It's been an unexpected journey from LEGO Star Wars to LEGO Lord Of The Rings. It's taken in the treasure-laden temples that Indy typically frequents, the streets of Gotham City, and even made time for a couple of pit-stops at Hogwarts. There was never any real doubt that Middle-Earth would eventually get the LEGO treatment and now that it's finally here we're glad TT Games took so many detours along the way
Years of careful iteration and technological advancement have resulted in not only one of the best LEGO games we could have possibly hoped for but also one of the most authentic Lord Of The Rings titles.
The fact that it's a great LEGO game was pretty much assured the moment we heard of its existence (and solidified the moment we saw a plastic Gandalf shouting, "You shall not pass!"), however it was harder to tell if we were in for a faithful representation of Middle-Earth. We've been burned in this area before, thanks mainly to EA's contributions to the franchise, but TT Games has pulled out all the stops.
Taking you from the burrows of Hobbiton to the crack of Mount Doom, LEGO Lord Of The Rings encompasses all of Middle-Earth (well, the bits of it you see in the trilogy and films, anyway). It's been shrunk, obviously, but between story missions you're free to explore it as you please, whacking bushes and statues for studs and even taking on the odd side-quest. It's not quite the epic BioWare-style RPG that we've wanted ever since we were teenagers, but it's surprisingly close to the dream.
The day-to-day combat and platforming is nearly identical to previous entries, with all the highs and lows that entails, but the narrative's been enhanced with dialogue nicked from Peter Jackson's films. The way TT Games do it is delightfully cheeky, occasionally changing the context to help abridge the story, or to throw in a cute visual gag. In the previous games, it felt like you were taking part in a hyperactive silent movie, now it feels like you're playing pranks on an oblivious Ian McKellen, who has suddenly become the most dead-pan actor ever.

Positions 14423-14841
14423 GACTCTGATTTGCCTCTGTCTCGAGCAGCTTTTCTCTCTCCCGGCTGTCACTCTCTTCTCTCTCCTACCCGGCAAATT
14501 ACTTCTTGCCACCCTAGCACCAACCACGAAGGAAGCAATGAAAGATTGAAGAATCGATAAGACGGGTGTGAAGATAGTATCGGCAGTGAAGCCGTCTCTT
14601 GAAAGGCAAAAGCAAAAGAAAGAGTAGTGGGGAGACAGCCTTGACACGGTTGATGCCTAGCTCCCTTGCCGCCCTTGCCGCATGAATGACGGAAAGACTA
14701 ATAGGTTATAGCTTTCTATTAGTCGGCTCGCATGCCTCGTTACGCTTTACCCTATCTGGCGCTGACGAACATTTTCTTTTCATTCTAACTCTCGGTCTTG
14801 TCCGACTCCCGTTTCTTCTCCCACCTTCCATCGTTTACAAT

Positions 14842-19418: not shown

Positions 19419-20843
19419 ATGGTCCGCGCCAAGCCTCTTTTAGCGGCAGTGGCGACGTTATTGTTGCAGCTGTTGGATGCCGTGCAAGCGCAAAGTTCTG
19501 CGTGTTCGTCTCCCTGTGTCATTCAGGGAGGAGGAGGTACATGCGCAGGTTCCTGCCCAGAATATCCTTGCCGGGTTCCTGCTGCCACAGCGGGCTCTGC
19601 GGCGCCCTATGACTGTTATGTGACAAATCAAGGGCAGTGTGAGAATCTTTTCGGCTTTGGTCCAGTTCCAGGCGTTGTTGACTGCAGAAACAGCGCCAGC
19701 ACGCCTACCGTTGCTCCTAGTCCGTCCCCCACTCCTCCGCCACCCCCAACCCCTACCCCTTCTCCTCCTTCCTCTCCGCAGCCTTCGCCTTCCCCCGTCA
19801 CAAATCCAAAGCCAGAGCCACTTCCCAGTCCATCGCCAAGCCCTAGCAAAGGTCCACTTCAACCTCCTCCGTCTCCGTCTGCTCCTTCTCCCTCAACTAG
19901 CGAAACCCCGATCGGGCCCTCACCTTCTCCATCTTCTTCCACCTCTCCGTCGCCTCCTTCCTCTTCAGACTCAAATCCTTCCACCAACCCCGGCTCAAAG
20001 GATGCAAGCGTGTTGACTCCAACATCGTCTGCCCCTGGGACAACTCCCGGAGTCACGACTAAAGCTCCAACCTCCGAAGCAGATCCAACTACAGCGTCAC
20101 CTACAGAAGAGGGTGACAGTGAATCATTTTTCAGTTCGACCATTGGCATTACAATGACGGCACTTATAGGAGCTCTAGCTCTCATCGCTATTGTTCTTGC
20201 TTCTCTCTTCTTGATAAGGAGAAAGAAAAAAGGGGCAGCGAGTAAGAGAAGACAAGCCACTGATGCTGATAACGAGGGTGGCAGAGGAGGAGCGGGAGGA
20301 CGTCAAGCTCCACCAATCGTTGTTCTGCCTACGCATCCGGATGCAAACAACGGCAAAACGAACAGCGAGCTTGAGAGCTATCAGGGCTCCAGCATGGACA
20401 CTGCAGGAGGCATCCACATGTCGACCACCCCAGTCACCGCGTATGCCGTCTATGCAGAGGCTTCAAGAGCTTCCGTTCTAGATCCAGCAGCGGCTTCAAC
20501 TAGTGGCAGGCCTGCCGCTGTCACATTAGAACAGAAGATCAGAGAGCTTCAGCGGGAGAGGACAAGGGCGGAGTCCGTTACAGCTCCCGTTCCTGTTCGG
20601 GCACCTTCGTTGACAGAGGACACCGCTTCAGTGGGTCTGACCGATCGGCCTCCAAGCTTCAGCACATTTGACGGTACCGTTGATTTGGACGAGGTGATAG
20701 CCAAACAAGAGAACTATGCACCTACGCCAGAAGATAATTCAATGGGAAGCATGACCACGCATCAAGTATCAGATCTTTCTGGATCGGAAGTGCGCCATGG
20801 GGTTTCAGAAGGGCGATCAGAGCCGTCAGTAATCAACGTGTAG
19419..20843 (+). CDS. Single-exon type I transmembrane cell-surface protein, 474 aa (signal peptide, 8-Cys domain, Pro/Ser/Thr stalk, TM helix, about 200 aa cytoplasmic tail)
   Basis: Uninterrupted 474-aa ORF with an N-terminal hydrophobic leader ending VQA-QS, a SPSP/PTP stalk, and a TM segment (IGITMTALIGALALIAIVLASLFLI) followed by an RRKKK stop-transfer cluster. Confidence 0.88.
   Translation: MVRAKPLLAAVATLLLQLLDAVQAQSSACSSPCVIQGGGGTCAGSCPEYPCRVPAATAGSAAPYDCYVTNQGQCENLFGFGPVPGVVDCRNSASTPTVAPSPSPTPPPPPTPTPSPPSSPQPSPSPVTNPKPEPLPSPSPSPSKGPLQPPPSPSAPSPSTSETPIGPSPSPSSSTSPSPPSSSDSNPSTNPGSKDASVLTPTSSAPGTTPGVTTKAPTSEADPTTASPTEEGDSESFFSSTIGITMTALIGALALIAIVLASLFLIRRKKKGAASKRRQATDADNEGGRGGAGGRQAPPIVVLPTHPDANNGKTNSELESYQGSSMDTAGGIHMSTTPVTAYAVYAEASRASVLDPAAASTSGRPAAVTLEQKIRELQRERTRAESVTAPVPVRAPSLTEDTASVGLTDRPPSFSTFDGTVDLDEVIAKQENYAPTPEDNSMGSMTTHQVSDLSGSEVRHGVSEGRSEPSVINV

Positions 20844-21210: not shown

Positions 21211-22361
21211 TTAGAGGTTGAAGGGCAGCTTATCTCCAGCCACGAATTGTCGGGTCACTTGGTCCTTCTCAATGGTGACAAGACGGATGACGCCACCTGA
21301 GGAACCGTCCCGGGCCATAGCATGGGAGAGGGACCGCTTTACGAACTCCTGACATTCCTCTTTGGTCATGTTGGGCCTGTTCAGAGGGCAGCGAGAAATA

The other major change to the formula is the inclusion of crafting, which means there's finally a proper purpose for those hidden bricks. Here they're used to create a number of special tools, which reside in your Treasure Trove and can be quickly whipped out at any time to pass an environmental obstacle or defeat a baddie in a pleasingly extravagant way. Between the crafting, the side-quests and the more open environment, this feels at times like a sandbox RPG.
It's not perfect. We encountered a few glitches (thankfully fixed by a restart) that are unlikely to be patched any time soon. The increased scope has also resulted in a game that can be a little fussy and (even worse) unfriendly, particularly when you're attempting to swap characters or items. This LEGO Lord Of The Rings is more ambitious than the early games, but it's messier with it.
However, if that's the price we have to pay for a faithful, charmingly funny send-up of a classic fantasy trilogy, then we've come off (relatively) easy. The future of the series might lie with the Wii U and LEGO City: Undercover, but there's time for one more encore for the classic formula.